The Pandemic Juiced Netflix Stock, But the High Can’t Last

What should we expect from Netflix's Q1 earnings report?

Netflix Q1 Earnings Report Analysis Coronavirus
What should analysts expect from Netflix’s Q1 earnings report? OLIVIER DOULIERY/AFP via Getty Images

All hail, Tiger King. As the coronavirus pandemic has leveled powerful players in the entertainment industry such as Disney and WarnerMedia, Netflix (NFLX) continues to thrive. Shockingly, the streaming company’s stock—which was trading at $422.96 when the market closed on Friday—has actually jumped 30 percent over the last month following a brief dip in early March. The surge of interest that has resulted from self-isolation, social distancing and quarantine has Netflix in prime position ahead of its Q1 earnings report on Tuesday.

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Netflix will flex its financial power and show rocketing revenues,” Eric Schiffer, CEO of the Patriarch Organization and chairman of Reputation Management Consultants, told Observer. “Netflix’s lowered costs from the freeze on production mixed with phenomenally high subscriber growth will reveal stronger profits spotlighting how it’s extremely well positioned.”

SEE ALSO: Here’s What It Will Take for Movie Theaters to Re-Open Post-Coronavirus

Normally, Netflix’s complete reliance on new subscription growth to drive revenue is considered a weakness. But in this market, with traditional media losing advertising dollars and cinemas still closed, it has become an asset. Netflix’s stock is currently trading at its highest level since July 2018 amid traffic spikes and a deluge of new sign-ups. As Schiffer mentioned, the halt in production has actually lowered Netflix’s normally aggressive spending while leaving the streamer as one of the few entertainment hubs still able to deliver fresh content in the short-term. As cynical as it is, the COVID-19 outbreak provided Netflix with the boost it needed to continue pacing the streaming industry.

The pandemic has forced millions of people to shelter at home while providing increased opportunities for growth. But this also means that the streaming space has become far more crowded as new competition springs up across international markets. Disney+, for example, began its overseas rollout, which helped push the fledgling service to 50 million paid subscribers. But there’s reason to believe Netflix’s growth numbers will be rock solid this quarter.

According to data provided to Observer by SimilarWeb, a leading market intelligence company, U.S. visits to’s sign-up page have increased by more than 100 percent year-over-year (YoY). Worldwide unique visitors to hit an all time high in March. While there was limited YoY growth in registrations during the months of January and February, the week ending March 22 marked a dramatic change for Netflix, as sign-ups grew nearly 125 percent YoY, and remained high in the following weeks.

Since Netflix only saw strong growth in the last couple of weeks of the month, as the U.S. locked down, the momentum may have happened a little too late in the quarter to substantially move the needle for domestic revenue. However, SimilarWeb expects to see a good positive movement in quarter-end subscriber numbers. It’s a sentiment shared by others.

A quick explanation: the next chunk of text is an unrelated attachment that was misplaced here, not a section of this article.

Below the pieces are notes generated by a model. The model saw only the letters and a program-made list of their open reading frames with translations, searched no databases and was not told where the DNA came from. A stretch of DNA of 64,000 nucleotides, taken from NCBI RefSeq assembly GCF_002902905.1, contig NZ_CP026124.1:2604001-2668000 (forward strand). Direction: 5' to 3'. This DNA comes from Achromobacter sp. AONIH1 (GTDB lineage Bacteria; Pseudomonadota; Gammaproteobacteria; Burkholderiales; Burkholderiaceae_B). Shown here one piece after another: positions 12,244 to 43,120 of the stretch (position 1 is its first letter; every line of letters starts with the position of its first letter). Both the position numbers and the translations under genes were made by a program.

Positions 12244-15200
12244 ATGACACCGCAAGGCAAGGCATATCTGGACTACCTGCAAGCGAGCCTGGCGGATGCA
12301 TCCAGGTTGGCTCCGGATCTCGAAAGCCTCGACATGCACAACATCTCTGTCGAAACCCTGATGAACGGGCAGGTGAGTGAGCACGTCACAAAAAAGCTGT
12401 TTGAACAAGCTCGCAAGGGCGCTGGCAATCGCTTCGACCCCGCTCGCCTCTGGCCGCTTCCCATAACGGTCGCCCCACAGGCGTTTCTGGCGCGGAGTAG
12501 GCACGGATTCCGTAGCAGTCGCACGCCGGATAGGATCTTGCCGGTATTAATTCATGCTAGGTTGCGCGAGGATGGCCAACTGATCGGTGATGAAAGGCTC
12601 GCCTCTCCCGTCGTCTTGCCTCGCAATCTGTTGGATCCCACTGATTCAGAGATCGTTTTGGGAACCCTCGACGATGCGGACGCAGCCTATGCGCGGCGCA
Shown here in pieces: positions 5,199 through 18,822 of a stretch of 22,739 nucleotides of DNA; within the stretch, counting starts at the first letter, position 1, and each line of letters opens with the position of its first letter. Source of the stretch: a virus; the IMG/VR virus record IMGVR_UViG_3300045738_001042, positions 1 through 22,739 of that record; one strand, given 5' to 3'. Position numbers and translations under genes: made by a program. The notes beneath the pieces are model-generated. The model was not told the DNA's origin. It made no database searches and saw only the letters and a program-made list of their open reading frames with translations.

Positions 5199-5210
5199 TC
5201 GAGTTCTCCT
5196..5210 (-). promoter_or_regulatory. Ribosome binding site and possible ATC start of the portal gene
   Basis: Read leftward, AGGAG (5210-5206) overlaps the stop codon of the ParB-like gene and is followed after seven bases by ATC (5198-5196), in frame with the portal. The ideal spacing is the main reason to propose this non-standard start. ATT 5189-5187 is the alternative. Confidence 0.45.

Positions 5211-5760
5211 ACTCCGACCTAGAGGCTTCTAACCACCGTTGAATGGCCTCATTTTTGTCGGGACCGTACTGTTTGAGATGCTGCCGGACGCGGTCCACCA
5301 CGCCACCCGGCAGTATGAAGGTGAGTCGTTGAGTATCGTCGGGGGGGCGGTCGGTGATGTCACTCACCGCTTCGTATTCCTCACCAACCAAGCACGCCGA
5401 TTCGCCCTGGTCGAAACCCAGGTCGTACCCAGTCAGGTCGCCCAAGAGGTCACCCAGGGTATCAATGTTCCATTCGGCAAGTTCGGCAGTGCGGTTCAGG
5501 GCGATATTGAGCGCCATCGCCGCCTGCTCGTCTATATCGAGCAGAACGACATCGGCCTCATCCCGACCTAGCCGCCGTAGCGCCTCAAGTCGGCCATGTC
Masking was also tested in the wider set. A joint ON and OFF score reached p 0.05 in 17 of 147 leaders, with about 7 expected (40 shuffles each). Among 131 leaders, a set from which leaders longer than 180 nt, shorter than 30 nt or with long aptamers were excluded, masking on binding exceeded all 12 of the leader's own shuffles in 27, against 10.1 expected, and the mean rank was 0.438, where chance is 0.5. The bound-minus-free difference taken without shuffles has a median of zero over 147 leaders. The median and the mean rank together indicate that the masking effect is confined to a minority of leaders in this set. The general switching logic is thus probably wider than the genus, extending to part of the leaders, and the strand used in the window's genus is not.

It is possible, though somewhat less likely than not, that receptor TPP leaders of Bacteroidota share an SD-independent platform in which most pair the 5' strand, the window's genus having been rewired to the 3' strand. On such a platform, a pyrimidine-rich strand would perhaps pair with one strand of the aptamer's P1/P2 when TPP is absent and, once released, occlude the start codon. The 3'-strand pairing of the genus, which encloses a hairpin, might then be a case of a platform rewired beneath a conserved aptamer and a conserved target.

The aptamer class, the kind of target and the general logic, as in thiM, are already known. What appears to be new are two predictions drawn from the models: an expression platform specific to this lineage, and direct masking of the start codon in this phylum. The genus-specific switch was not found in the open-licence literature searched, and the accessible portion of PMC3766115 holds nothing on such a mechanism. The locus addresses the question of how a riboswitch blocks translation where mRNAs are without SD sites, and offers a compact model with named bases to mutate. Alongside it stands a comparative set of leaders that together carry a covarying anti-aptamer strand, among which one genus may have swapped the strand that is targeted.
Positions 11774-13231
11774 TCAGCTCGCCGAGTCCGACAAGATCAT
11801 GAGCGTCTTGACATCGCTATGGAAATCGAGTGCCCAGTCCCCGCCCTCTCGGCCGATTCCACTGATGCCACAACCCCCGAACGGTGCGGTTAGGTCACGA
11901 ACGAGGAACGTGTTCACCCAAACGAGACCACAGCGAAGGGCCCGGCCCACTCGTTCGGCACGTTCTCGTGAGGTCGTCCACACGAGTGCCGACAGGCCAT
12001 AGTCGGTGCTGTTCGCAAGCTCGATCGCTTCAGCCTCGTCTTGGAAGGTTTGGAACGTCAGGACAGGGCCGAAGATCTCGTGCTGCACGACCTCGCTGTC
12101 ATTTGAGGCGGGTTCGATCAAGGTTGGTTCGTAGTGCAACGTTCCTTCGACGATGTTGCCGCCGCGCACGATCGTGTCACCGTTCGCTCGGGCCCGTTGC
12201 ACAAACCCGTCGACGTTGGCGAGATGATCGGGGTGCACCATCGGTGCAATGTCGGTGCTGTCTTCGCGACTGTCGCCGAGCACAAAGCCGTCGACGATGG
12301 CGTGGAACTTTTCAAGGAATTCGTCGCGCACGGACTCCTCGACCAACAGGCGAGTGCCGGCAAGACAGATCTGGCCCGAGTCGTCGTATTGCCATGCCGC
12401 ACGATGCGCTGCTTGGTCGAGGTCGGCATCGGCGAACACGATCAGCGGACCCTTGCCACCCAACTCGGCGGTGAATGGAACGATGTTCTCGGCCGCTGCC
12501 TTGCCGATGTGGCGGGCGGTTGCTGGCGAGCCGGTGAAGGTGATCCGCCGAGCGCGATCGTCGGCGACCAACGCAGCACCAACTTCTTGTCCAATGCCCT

“No doubt that Netflix earnings will show tremendous growth on a worldwide basis from a subscription perspective,” Al DiGuido, Chief Revenue Officer of North 6th Agency, told Observer. “One would think that consumers were so interested in non-COVID content that the brand didn’t have to lower sub-prices and/or run promotions to recruit this new subscription base. As such, I expect overall profitability for the service should be up in the near-term.”

New releases such as Tiger KingOzark Season 3, and Money Heist Season 4 have kept Netflix at the center of the entertainment conversation. But while the platform is riding a wave at the moment, there are concerns looming on the horizon. The supply of fresh content is a significant issue in the long-term for both Netflix and the entire film and TV industry. Chief content officer Ted Sarandos has already admitted that Netflix has enough new deliveries to cover the next few months, but not much longer if the production suspension remains in effect. And without easy access to the crop of current films making their way to video-on-demand—The Lovebirds aside—this could become a real problem.

“In order for Netflix to maintain strength, it will need to bring many more ‘Tigers’ into its programming schedule,” DiGuido said. “Netflix cannot take for granted that the viewer will remain loyal if content is consistently refreshed. Once sports and other live-programming return to the viewer’s choice, Netflix could be pushed to the side due to its library of also-ran content choices.”

Despite this, Netflix is all but guaranteed to be popping champagne when it reports its first-quarter earnings. After all, what else is there for people to do during lockdown but watch Netflix?

The Pandemic Juiced Netflix Stock, But the High Can’t Last